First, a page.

Finding People to Shoot With
Finding people to shoot with. So I'm guessing a lot of you are saying, okay I get all of this, but how do you find people? I don't have anyone to take photos of and you might not even have any photos of people in your portfolio yet, so it could be even more challenging to start building your network. I will say this, if you're in this stage, if this is you it doesn't get any harder than this or even better, it's only gonna get easier. So for now, we're going to focus on starting with just one person. So that could be a close friend, family member, significant other. It could be a person that replies back to your call for people on social media. And for some of you, this might seem like the most daunting thing you could imagine but I promise that the worst that can happen is someone says no. This step can definitely be scary because you're putting yourself out there but I think you're gonna find that there are a lot of people out there who really are eager to take photos. So we've found...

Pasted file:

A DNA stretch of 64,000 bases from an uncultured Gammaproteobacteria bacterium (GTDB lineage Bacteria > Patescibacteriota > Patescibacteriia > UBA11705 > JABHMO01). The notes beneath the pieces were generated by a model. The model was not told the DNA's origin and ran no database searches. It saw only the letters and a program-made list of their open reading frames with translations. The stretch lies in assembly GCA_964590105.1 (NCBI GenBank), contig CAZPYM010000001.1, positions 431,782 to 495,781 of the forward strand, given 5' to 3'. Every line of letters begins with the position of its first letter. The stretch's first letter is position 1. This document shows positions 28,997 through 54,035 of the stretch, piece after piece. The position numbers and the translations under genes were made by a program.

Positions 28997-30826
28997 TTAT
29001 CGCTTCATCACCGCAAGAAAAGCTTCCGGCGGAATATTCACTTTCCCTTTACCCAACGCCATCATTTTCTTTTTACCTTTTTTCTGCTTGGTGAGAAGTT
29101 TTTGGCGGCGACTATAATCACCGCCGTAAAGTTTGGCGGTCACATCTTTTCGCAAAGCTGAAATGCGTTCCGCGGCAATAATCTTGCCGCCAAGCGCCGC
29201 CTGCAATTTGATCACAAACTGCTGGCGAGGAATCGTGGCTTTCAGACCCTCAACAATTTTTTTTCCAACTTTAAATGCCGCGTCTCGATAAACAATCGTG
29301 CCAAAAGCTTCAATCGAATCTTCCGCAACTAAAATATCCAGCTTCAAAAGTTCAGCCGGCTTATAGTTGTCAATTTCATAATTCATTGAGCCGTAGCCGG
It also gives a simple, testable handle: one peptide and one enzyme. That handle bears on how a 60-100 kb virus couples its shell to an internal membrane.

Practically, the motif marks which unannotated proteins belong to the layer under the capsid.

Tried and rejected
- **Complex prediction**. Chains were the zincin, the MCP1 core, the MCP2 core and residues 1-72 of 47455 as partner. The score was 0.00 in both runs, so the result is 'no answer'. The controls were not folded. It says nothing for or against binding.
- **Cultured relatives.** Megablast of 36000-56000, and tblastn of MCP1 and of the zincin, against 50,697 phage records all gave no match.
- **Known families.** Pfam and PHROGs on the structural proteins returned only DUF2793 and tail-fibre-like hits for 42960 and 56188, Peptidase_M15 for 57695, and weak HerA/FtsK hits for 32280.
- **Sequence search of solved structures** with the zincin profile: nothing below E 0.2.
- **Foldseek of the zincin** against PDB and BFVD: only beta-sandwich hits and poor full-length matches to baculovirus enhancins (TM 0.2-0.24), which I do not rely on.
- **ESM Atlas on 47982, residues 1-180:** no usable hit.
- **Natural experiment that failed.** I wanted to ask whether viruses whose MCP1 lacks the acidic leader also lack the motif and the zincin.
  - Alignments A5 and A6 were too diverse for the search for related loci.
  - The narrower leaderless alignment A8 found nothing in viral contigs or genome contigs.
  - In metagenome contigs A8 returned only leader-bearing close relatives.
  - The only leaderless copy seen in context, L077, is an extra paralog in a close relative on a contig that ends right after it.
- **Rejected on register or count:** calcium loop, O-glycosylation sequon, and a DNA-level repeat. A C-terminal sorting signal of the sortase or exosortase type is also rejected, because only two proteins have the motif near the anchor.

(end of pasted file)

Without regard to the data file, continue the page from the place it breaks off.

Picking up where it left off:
a person, any person. And now it's time to talk about some things that we need to remain highly cognizant of from this point on, out in the shoot. And when someone has agreed to shoot with us they are displaying a huge amount of trust and not only in our creative vision, but trust in us is people. It is solely our responsibility to outline everything with your model before this shoot. And I am talking about your obvious things like your concept, location, wardrobe, timing, logistics, all of the day of information, but just as importantly what happens after this shoot. Most people won't know or think to ask about how you're going to use the photos. Hopefully they do. But before I was into photography, I know that it never really crossed my mind when someone took my photo. So I let my subjects know what the images are for where they'll be and why I'm making them. I'd say 90% of the time with someone new I'm making images just to make them not for any client. So keeping that in mind, my typical email to someone before shooting together for the first time is kind of loosely structured like this. An overview of the concept, what the day of looks like, what method I will use to deliver the photos in a few sentences about appropriate usage on both ends. I let everyone know that I'm not making these photos for or selling them to any company. And if I do get an inquiry that they'll be the first person to know. I also let them know that they're free to use the images for their social media or website. And likewise, if they're approached by a brand, I'd expect to be the first know as well. I also let everyone know that they are totally encouraged to bring a friend or a significant other, just anyone whose presence might make them feel more comfortable. And what this does is it puts control back in the hands of our subject and it gives them more confidence in us. In addition to providing all of this information, simply because we should as good people, this is kind of a level of assertive respect which falls under the scope of intimacy, which is that crucial connection we're looking for with our subjects. When they're completely comfortable, it's gonna be apparent in our photos and vice versa. Wardrobe, so this is something that I think a lot of photographers skip out on, but it is just as crucial as any other part of the photo. I'm not very well versed in fashion but I have spent some time identifying the things that I do and don't like, and kind of seeing what works and doesn't work for the way that I shoot. I keep a Dropbox folder of images I found online with wardrobe elements I like and I send this folder to my subjects ahead of time to see if we have any overlap and taste. Remember we want our subjects to be excited about this too, so collaborating with them in this way is important especially when we're just starting out. I think about things like color and cut but also what my photo is about. What style of clothes fit into the context of that? Am I shooting something that is supposed to feel fun or serious or surreal? Matching wardrobe to the tone of your image elevates the results and it helps our viewers better understand what we're trying to accomplish.